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Female elders stop at Aboriginal Day powwow at the Forks

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Gloria Chocan (right) and her sister Rosalie Chokin of Onion Lake Cree Nation attend the Powwow on the fields at the Forks National Historic site for Aboriginal Day Saturday afternoon. Gloria Chocan along with 10 other older Cree women are trying to get Ottawa to notice the issues facing their people by travelling from Ottawa to their reservation in Alberta.

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Gloria Chocan (right) and her sister Rosalie Chokin of Onion Lake Cree Nation attend the Powwow on the fields at the Forks National Historic site for Aboriginal Day Saturday afternoon. Gloria Chocan along with 10 other older Cree women are trying to get Ottawa to notice the issues facing their people by travelling from Ottawa to their reservation in Alberta. Photo Store

Manitoba’s annual Aboriginal Day festival kicked off at the Forks today. Thousands gathered, some from as far as Australia and New Zealand, to take in the day that traditionally celebrates diversity and strength among aboriginal communities.

Today, 11 indigenous women from Onion Lake Cree Nation Treaty Women’s Secretariat also gathered at The Forks, albeit for a different reason.

Gloria Chocan is among 11 female elders from Treaty Six, all between the ages of 55 and 77, who travelled to Ottawa on June 18, then walked away as a symbolic gesture. The women are protesting what they feel are injustices committed against their treaty people by the federal government.

All of the women hail from Onion Lake Cree Nation, a reserve that sits on the border between Alberta and Saskatchewan. They’re slowly making their way home by car, stopping at aboriginal celebrations along the way.

In the shadow of the Canadian Museum for Human Rights, Chocan explained the reasons behind their peaceful protest.

"It seemed like a far-fetched dream at first," Chocan said. "Then we started talking about trying to get women to start standing up and helping."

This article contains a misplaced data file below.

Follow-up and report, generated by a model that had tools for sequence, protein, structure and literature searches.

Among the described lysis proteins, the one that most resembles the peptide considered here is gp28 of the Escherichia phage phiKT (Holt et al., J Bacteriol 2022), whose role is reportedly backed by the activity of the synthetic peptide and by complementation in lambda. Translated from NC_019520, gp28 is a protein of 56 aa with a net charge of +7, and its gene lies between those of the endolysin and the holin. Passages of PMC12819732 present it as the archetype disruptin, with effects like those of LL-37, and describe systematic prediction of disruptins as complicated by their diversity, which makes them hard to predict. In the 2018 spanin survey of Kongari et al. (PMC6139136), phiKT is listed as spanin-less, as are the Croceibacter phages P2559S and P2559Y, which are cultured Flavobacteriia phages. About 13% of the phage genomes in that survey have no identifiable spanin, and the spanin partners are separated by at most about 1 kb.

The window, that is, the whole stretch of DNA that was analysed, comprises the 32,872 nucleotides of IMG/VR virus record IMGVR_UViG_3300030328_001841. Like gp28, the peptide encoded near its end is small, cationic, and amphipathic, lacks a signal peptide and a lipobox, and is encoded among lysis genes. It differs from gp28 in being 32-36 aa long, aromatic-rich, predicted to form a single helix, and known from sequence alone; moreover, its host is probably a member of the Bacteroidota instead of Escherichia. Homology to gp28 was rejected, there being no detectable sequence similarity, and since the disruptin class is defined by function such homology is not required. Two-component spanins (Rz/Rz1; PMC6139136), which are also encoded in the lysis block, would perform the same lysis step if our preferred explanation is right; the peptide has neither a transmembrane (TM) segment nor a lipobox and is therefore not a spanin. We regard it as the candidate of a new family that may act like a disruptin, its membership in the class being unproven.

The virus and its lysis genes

"The elders have always been telling us that women are strong, that women are powerful. It’s going to take a woman to take a stand, to take the right focus, like they did during the time of treaty signing."

The women didn’t ask for anything from the government when they visited Ottawa on June 18, Chocan said. They simply went to Parliament Hill to take a spiritual stand against injustice.

"As women, when we wake up every morning we think of our kids right away. We think of the murdered and missing women, the foster care system, the lack of adequate housing, the education. You know, what can we do to help our young children lead better lives?" she said.

"We want a better education system that’s geared toward us, like the French have. We want our children to be able to learn in our languages, but that’s not made available for us."

Chocan wore a heavy white traditional costume to the Grand Powwow at The Forks on Saturday afternoon. Its intricate beading and fur patchwork added to the effects of sweltering heat, which topped off around 28 C.

Chocan began to get dizzy, but her message was clear.

"We needed to go (to Ottawa) and ask the Creator to help us in a way. We needed to get strong, band together, because our men can’t seem to get going," she said.

"That’s what we went there for—not to be recognized or anything—but we did feel the power when we walked away. That’s why we said, ‘We are not walking to Parliament,’ because it seems like every time you walk to Parliament Hill, you’re empowering the government—you’re giving up something. So we said, ‘Let’s walk away and show them that we’re taking our power back now’."

"We’re not children anymore, we need to be listened to."

jessica.botelho-urbanski@freepress.mb.ca

 

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